Significance Of Green Light In The Great Gatsby

871 WordsJan 4, 20184 Pages
For F. Scott Fitzgerald's entire adult life he wanted to make something of himself. He wanted fame, fortune, and most of all a girl. Fitzgerald often times based his novels off of his life experiences. In his work, he incorporated aspects of weather and mood to perceive the hope and tragedy that occurred in his lifetime. In The Great Gatsby, F Scott. Fitzgerald contrasts the symbols of the green light and the rain to represent Gatsby’s hope for the future and his doomed relationship with Daisy. Throughout the story, Fitzgerald uses the green light as a symbol to represent Gatsby’s hopes and dreams for the future. Fitzgerald’s first use of the green light shows Gatsby’s dreams that are just out of reach. As Nick watches Gatsby outside his…show more content…
He believes that he and Daisy were meant to be together. Gatsby looks across the water to the green light knowing that’s where Daisy was at that very moment (if the light was still there so was Daisy). The green light was so close yet still so far just like her. The green light as a symbol reflects the undying hope of Gatsby. In contrast, Fitzgerald uses the rain to symbolize the doom of Gatsby’s relationship with Daisy. The first use of rain is to symbolize the downfall of Gatsby and Daisy’s reunion. The day Nick invites Daisy over for tea it is “pouring rain” (83). A rainy day is usually gloomy and unpleasant, so having this weather on the day of Gatsby and Daisy's reunion implies that they will not end up together. This shows that Gatsby and Daisy’s relationship is doomed even before it really begins. The pouring rain sets a depressing mood for their love story. Fitzgerald also compares the rain to Gatsby and Daisy to symbolize the break down of their relationship. As Gatsby and Daisy talk alone inside Nick’s house, the rain persisted, “while the rain continued it had seemed like the murmur of their voices, rising and swelling a little now and then with gusts of emotion. But in the new silence I felt that silence had fallen within the house too” (88-89). When Gatsby and Daisy talk it continues to pour outside, but as soon as they stop talking so does the rain. Rain often times foreshadows an awful event that is about to occur.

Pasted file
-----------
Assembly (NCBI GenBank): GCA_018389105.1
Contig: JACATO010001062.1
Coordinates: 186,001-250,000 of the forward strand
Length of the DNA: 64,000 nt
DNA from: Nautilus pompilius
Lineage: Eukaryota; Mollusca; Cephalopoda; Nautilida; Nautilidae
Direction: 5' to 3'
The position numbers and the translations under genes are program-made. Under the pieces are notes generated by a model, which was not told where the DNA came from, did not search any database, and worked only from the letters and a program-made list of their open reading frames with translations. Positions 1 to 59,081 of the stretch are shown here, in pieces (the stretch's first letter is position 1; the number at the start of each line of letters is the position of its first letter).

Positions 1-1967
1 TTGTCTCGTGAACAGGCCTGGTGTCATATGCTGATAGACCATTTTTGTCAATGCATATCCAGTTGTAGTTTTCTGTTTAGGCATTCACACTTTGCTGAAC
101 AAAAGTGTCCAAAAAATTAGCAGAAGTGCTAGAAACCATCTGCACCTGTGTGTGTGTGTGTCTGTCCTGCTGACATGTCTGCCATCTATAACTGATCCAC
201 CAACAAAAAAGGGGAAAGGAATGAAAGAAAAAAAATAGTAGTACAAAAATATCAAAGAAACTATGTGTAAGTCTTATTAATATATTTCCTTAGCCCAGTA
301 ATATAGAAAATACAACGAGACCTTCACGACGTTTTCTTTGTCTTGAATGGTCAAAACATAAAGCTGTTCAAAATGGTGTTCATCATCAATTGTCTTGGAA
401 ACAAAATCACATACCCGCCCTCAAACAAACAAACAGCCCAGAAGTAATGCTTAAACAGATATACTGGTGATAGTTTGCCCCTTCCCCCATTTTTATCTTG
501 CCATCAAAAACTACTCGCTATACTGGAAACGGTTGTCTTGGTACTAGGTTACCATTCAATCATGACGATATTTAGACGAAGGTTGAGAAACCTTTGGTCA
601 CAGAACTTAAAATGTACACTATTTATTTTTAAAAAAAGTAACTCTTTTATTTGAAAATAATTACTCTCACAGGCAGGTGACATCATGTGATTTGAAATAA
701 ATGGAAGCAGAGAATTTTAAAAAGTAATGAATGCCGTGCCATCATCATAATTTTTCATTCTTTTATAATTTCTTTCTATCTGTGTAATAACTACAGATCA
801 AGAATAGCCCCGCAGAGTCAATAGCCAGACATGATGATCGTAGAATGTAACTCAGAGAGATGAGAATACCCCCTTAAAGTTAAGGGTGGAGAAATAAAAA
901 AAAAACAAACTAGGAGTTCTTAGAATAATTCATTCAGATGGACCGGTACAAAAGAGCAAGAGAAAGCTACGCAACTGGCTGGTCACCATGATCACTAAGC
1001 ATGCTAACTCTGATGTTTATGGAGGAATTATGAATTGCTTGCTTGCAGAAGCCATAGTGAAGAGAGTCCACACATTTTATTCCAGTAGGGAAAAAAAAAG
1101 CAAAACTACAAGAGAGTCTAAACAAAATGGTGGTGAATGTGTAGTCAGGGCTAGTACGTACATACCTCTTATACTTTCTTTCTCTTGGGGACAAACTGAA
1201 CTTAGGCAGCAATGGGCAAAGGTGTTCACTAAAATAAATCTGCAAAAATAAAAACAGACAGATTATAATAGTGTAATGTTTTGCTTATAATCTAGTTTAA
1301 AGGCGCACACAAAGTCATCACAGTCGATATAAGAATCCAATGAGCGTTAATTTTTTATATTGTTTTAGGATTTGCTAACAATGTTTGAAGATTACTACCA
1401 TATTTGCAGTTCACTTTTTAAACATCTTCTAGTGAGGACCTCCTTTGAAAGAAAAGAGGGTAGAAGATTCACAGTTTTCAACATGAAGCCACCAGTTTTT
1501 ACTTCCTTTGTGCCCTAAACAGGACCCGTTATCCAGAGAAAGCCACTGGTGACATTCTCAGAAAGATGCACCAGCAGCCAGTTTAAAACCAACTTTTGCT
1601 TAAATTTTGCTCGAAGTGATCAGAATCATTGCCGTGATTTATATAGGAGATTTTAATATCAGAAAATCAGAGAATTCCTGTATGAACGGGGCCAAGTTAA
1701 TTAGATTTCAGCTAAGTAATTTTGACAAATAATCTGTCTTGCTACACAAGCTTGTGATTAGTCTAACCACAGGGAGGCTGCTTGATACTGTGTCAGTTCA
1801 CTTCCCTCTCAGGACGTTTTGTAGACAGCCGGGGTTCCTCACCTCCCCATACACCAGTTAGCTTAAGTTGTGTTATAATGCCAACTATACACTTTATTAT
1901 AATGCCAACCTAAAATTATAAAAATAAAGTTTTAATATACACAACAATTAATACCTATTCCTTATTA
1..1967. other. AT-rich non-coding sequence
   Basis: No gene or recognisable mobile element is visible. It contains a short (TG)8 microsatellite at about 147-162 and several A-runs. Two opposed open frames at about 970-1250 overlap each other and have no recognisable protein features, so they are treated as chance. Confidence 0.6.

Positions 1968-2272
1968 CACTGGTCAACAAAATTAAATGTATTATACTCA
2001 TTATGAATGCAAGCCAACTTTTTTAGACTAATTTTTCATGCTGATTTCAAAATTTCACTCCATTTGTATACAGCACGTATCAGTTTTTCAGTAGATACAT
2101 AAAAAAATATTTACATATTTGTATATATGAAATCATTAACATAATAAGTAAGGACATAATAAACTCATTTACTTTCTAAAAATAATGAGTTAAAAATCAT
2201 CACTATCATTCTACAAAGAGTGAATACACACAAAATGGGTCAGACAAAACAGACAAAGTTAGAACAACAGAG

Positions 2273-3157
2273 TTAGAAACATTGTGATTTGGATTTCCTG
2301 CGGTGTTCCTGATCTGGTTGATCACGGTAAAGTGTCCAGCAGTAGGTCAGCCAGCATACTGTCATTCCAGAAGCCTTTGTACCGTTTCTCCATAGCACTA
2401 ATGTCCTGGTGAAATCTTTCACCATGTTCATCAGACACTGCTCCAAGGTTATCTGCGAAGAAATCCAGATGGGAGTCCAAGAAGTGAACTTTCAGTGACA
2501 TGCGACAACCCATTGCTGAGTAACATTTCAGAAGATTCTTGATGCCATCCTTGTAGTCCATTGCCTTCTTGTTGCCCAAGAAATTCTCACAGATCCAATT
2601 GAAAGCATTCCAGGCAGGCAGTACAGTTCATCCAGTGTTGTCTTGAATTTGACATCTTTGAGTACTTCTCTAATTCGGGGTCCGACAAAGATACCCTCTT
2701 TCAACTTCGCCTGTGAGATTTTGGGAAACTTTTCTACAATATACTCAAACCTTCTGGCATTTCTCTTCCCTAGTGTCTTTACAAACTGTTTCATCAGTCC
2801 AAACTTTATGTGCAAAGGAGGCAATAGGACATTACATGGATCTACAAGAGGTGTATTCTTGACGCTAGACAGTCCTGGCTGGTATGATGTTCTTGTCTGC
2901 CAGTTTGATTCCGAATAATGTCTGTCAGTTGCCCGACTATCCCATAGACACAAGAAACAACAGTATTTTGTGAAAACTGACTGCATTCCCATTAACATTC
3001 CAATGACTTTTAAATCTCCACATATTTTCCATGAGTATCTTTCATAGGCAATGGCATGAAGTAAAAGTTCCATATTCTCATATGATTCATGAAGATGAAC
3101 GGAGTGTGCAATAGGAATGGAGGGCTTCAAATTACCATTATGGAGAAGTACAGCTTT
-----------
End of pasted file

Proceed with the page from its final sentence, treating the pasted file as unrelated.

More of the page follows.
Open Document